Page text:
They’ve never been taught about the nuanced differences between different “Western” countries, and so French, Polish, Greek and English cuisines all meld together as a homogeneous cuisine of hamburgers and steaks. Why go overseas for that when you can have fresh fish and clams for dinner every night? After all they believe that it’s not like there’s any other historical or cultural things of interest to be found in other countries, because China is the greatest country in the world with the best culture and history.

This insular world view is made all the more ironic by the fact that the village where my family live is now more developed than ever with a greater exposure to the Western world. I even saw Westerners on local business in the hotel we stayed in! I spent a lot of time reminiscing to K about how things used to be whenever I visited as a child, and how different it now is.

Where we once had to do our business in a chamberpot, now there’s indoor plumbing. Where my grandfather once toiled in the fields, now the fields have been turned into factories and tiny one-room homes for the migrant workers flocking to the area for factory work. Where we once had to take an overnight ferry to the area from Shanghai, now there’s a new bridge that cuts the travel time to two hours on a public bus.

Just the fact that there are now restaurants and street food stalls in the area highlight how things have changed. They never used to exist because everyone cooked at home – what was the point of going out to eat? It’s only with the growth of the migrant worker population (now outnumbering the ‘locals’) that cheap restaurants and street food stalls have opened up to cater to those who don’t have full kitchen facilities in their tiny one-room residences.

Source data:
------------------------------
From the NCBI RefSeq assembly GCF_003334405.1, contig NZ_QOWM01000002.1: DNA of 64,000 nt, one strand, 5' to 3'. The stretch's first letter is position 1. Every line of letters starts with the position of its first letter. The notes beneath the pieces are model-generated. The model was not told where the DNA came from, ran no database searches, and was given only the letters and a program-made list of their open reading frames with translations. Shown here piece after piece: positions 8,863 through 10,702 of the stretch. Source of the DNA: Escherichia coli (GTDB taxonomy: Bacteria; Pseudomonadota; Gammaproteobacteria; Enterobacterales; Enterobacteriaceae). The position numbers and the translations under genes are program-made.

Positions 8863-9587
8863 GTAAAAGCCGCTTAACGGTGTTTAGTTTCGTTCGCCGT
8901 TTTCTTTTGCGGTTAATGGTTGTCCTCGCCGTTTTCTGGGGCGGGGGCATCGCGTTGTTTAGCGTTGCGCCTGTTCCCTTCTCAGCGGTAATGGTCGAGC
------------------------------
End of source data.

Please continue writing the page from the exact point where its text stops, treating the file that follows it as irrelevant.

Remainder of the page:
I guess it just goes to show that even as the country develops at a breakneck pace and the standard of living is raised in China, it will take much longer for people’s mentalities and worldviews change. It certainly doesn’t help when the local CCTV news station reports on news the way that they do. My relatives remarked to me at one point, “Oh, isn’t it lucky that China doesn’t have shootings the way America does? We’re so safe here.” Yes, if you ignore all the corruption, human trafficking, drugs and domestic violence statistics…

I love China, the food, and my family of course. But I can’t help but wish for them to have greater exposure to the world and different ways of thinking that aren’t dictated to them by the Communist Party.